June 19, 2016

Reforming the Regulator: Parliamentary Committee Report on Medical Council of India

Amit Sengupta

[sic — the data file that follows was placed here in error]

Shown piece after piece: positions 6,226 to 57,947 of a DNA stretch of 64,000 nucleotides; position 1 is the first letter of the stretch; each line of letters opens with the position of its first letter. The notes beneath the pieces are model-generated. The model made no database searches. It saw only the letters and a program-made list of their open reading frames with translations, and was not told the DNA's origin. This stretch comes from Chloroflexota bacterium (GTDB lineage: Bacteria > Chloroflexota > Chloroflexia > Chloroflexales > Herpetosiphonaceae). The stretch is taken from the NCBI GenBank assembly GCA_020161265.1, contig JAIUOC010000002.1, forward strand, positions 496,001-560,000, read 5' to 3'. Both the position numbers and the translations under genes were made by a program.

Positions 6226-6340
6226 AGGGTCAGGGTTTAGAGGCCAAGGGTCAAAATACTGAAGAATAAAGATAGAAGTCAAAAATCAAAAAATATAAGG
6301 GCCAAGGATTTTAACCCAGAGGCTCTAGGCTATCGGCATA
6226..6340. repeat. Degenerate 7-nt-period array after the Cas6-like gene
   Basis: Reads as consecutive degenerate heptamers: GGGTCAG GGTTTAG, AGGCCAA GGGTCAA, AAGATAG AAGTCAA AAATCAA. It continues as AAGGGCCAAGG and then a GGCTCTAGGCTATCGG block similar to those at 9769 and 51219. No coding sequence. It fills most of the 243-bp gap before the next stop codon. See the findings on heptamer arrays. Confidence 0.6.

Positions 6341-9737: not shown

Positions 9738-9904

THE World Health Organisation (WHO) identifies India as one of the 57 countries with a critically low level of human resources available for healthcare. This would not come as a surprise given the evidence in the country of widespread shortages of skilled health workers of all kind including doctors, nurses and other health workers – in most parts of the country. The shortage of health workers and the attendant poor quality of skills in a large proportion of them is one of the biggest obstacles to the availability of quality healthcare services in India. The recently released 92nd Report of the Parliamentary Standing Committee on Health and Family Welfare focuses on the widespread malaise that afflicts the Medical Council of India (MCI) – the apex body that is tasked with regulation and monitoring of medical education and practice in India. The report indicts the MCI for an array of malpractices, both of commission and omission. While almost all of what the report contains has been available in public domain for long, the parliamentary committee report is nevertheless an important document as it also lays out a plan for complete restructuring of the MCI. The MCI has been in the news over the past few years for all the wrong reasons. Particularly scandalous was the persistence with Dr Ketan Desai as the president of MCI even after he faced several criminal charges, including one of receiving a substantial bribe in exchange for a favorable inspection report to a private medical college. The CBI is believed to have recovered 1.5 kg of gold and 80 kg of silver from Desai's premises and gold worth ₨ 35 lakhs was recovered from Desai's bank lockers in Ahmedabad. The public uproar that ensued finally forced the government to supersede the MCI and replace it with an ad hoc nominated structure in 2010. However, when the MCI was again duly constituted the same Kean Desai got himself nominated to the council from Gujarat! CAPTURE OF MCI BY A LOBBY OF PRIVATE DOCTORS The MCI is a classic example of the principle of ‘regulatory capture’ ie, a situation where those who are sought to be regulated, end up by capturing the regulatory mechanisms and mould them to suit their narrow interests. Since its inception the MCI has been composed entirely (except for a few ex-officio appointments) of a privileged section of the medical profession. Most MCI members are elected by different constituencies of doctors, and have over time, come to be dominated by a select (and often corrupt) clique of private medical practitioners. The committee report candidly points to this and remarks that: “…the MCI, as presently elected, neither represents professional excellence nor its ethos. The current composition of the Council reflects that more than half of the members are either from corporate hospitals or in private practice. The Committee is surprised to note that even doctors nominated under Sections 3(1) (a) and 3(1) (e) to represent the state governments and the central government have been nominated from corporate private hospitals”. Clearly powerful lobbies have successfully co-opted state and central governments to play along with their nefarious objectives. The committee report further notes that the MCI is dominated by specialists in the disciplines of surgery and medicine and this impacts on decisions regarding licenses to run specific post graduate and super-specialty courses in different medical colleges. The report says: “setting up of the standards and evaluation of these standards by the same professionals, may result in a conflict of professional interests”. The committee also correctly points out that the MCI functions like a closed club of medical practitioners form certain disciplines and goes on to say that “non-inclusion of public health experts, social scientists and health economists, etc in the MCI is one of the important reasons for the inability of the MCI to address some of the problem areas like UG curricula being not suitable for requirements of practice in rural and resource poor settings; disconnect between health system and medical education system; complete lack of training in ethical practice; and clustering of medical colleges in certain states and in metro/mega cities, etc.” MCI HAS FAILED TO NURTURE AND EXPAND MEDICAL EDUCATION The MCI has multiple functions, including the accreditation of medical colleges, the maintenance of standards in accredited colleges and the expansion of medical education across the country, the conduct of examinations at the undergraduate and post graduate levels, the maintenance of a register of medical graduates and the oversight of ethical conduct of medical practitioners. The report extensively documents how the MCI has failed to discharge its duties in each of these areas, often for motivated reasons. The report describes the dire situation that exists in India as regards availability of trained doctors. Currently six states with 31 percent of India’s population account for 58 percent of the MBBS seats, while eight states which comprise 46 percent of India’s population have 21 percent of the MBBS seats. Consequently states of north, north-east and central India have a severe shortage of doctors because of paucity of medical colleges. Further, around 70 percent of medical professionals work in the private health sector and around 70 percent of these are concentrated in urban well-to-do areas. The doctor-population ratio in India stands at 1:1674 against the WHO norm of 1:1000. Consequently a bulk of poor patients depend on unqualified practitioners – the report quotes a study which finds that in rural Madhya Pradesh only 11 percent of the sampled health-care providers had a medical degree, and only 53 percent of providers had completed high school . The situation is particularly bad in public services, which report a shortfall of 83.4 percent of surgeons, 76.3 percent of obstetricians and gynecologists, 83.0 percent of physicians and 82.1 percent of pediatricians. Further, 700 million people have no access to specialist care and 80 percent of specialists are working in urban areas. PRIVATE MEDICAL COLLEGES FUEL CORRUPTION IN MCI A key reason for the utter lack of a planned approach to human resource development and deployment in healthcare is the corrupt manner in which the MCI has functioned while carrying out its tasks of accreditation of medical colleges and the maintenance of standards of care. Currently, there are 412 medical colleges of which 53 percent (217) are from private sector and 47 percent (195) from government. The committee’s report, however, fails to draw the correct conclusions, after having noted trend of increasing privatisation of medical education. The rapid expansion of private medical colleges has been fuelled in the post-economic liberation phase, since the early nineties, coinciding with the drying up of public funding for setting up of medical colleges. The committee’s report does however point to the lack of seriousness in pledging public funds for medical education. The report states that: “the ministry had put in place a centrally sponsored scheme wherein 58 medical colleges would be set up during the 12th plan period which will lead to 5800 additional MBBS seats on an annual basis. .. the ministry had released money to 19 medical colleges. But during 2015-16, the ministry did not get the budgetary provision”. The rapid expansion of private medical colleges has been the primary corrupting influence on the MCI. The committee’s report reflects the fact that private colleges charge a minimum capitation fee (which doesn’t include other annual charges such as tuition fee, hostel charges, etc) of Rs 25-50 lakhs for an undergraduate seat and Rs 1-1.5 crores for a post graduate seat. Given the huge amounts of profits that private colleges are able to make, there is a massive vested interest in ensuring that such colleges continue to be licensed. The result has been the development of an evil nexus of private medical college owners, MCI functionaries and MCI mandated evaluators tasked to inspect and accredit medical colleges. The committee reports on this nexus and states “that the private medical colleges arrange ghost faculty and patients during inspections by MCI and no action is taken for the irregularity. The committee has also been given to understand that MCI is proactive in taking action on flimsy grounds against government medical colleges which are 100 percent better”. Commenting on the role played by so-called experts appointed to inspection committees, it says that MCI regulations do not provide any clear-cut-criteria for recruiting suitable evaluators. The committee refers to a media report ("The murky world of medical college inspections" – by Rema Nagrajan carried in the Times of India) which found that despite hundreds of faculty members from 183 government medical colleges being available, certain 'serial inspectors' were part of almost half the inspections conducted in the year 2014 and of the 261 inspections done during 2014, inspectors from medical colleges in Gujarat were involved in as many as 100 inspections and another 40 involved faculty from Bihar. As per a Delhi High Court order, all assessment of medical colleges should be conducted as surprise inspection. The committee report, however, notes, “it is in the Committee's knowledge that some medical colleges have prior information of inspection dates and are thus able to keep ready the required number of ghost faculty and fake patients”. The committee refers to a Reuters story of June 16, 2015 ("why India's medical schools are plagued with fraud") which reported that "recruiting companies routinely provide medical colleges with doctors to pose as full-time faculty members to pass government inspections. To demonstrate that teaching hospitals have enough patients to provide students with clinical experience, colleges round up healthy people to pretend they are sick." PROVIDING SHELTER TO VIOLATORS OF MEDICAL ETHICS Another important mandate of the MCI is to uphold ethical practices among medical practitioners and to take cognizance of and action against those who violate ethical norms of practice. The committee report records how the MCI has again failed to respect this mandate. In spite of daily lay reports about medical misconduct, ethical violations and medical malpractice, between 1963-2009, just 109 doctors have been blacklisted by the Ethics Committee of the MCI. The committee states that “what is of greater concern to the Committee is that the medical profession has not been transparent in dealing with complaints”. The MCI notified on February 1, 2016 an amendment to clause 6.8 of the regulations, deleting the words “and professional association of doctors" thus exempting professional association of doctors from the ambit of MCI Code of Ethics Regulations, 2002. The committee observed that this “is nothing short of legitimising doctors’ associations indulging in unethical and corrupt practices by way of receiving gifts in cash or kind under any pretext from the pharma industry or allied health industry”. It further found it “intriguing that instead of intervening to thwart attempt of MCI at subverting the system, the ministry has meekly surrendered to MCI”. PROPOSALS TO RESTRUCTURE MCI: NEED TO PROCEED WITH CAUTION The parliamentary committee also recommends an elaborate plan to reconstitute the MCI. It recommends that the MCI should cease to be elected by different constituencies of medical practitioners, and instead be largely composed of people of eminence who are nominated by the government. It further recommends that those nominated should include people from fields outside that of medical sciences. The committee’s recommendations also include the setting up of a National Medical Commission (NMC) in place of the current MCI. The NMC it is proposed would have four different and discrete parts: 1) Board for undergraduate education; 2) Board for post graduate education; 3) Board for assessment and accreditation; 4) Board for medical registration (also tasked with medical ethics). The parliamentary committee report has been widely discussed and is likely to be influential in formulation of future policy. It is thus necessary that the report be analysed, especially as regards its basic thrust and recommendations. While the report does a very good job of pointing out a number of flaws in the functioning of the MCI, there are a number of fundamental flaws in the reasoning and solutions offered. Most importantly the report fails to commit itself to a position against private medical colleges. In fact, nowhere in the report is there a proposal to roll back the rapid increase of private medical colleges. Instead, while detailing several failings on the part of these colleges, as well as about their corrupting influence on the healthcare system, the report also talks about utilising capacity in large private hospitals to enhance the capacity to produce doctors and specialists. This could well become a new avenue for further privatisation of medical education, now led by the big hospital chains. The overarching reason provided to justify the harnessing of all means – public or private – to enhance capacity to produce more doctors, is the running argument that India’s healthcare system needs more doctors, specialists and super-specialists as an immediate priority. This is a notion that needs to be better analysed. While India does need a very large increase in the number of health workers, this need has to be viewed in a more comprehensive manner. There are notable examples of countries who have achieved remarkable success in building robust and quality health systems, while having a lower doctor patient ratio than in India. The examples of Iran, Thailand and Sri Lanka indicate that production of doctors is just one part of building good health systems. The discussion on production of medical personnel needs to be linked with discussions on the kind of health system that we need to build, which is best suited to our needs. The proposals in the report promote an approach that is doctor and specialist led, and not led by requirements of massively scaling up primary level care. While there is some discussion about the latter in the report, it remains stuck in proposals to develop primary care ‘specialists’. Nowhere is there a discussion about the need to develop health workers of all kinds – non-physician health workers, nurses etc. International experience shows that primary care benefits must be faster and at less expense through training and deployment of such health workers. Also requiring caution is the overarching proposal of reform of the MCI which seeks to empower the government – especially the central government – to nominate members of the various bodies that would replace the MCI. Recent experiences in other areas of governance, including in university education, should be kept in mind given the tendency of the current government to centralise power and hegemony in a few people of a certain political and ideological disposition. Overall the parliamentary committee report needs to be welcomed and its recommendations need to be seriously considered. But caution is necessary to ensure that the proposals are not interpreted as providing a free run to corporate hospital chains to gain a stranglehold over medical education and medical ethics. If that were to happen the remedy may well turn out to be worse than the disease.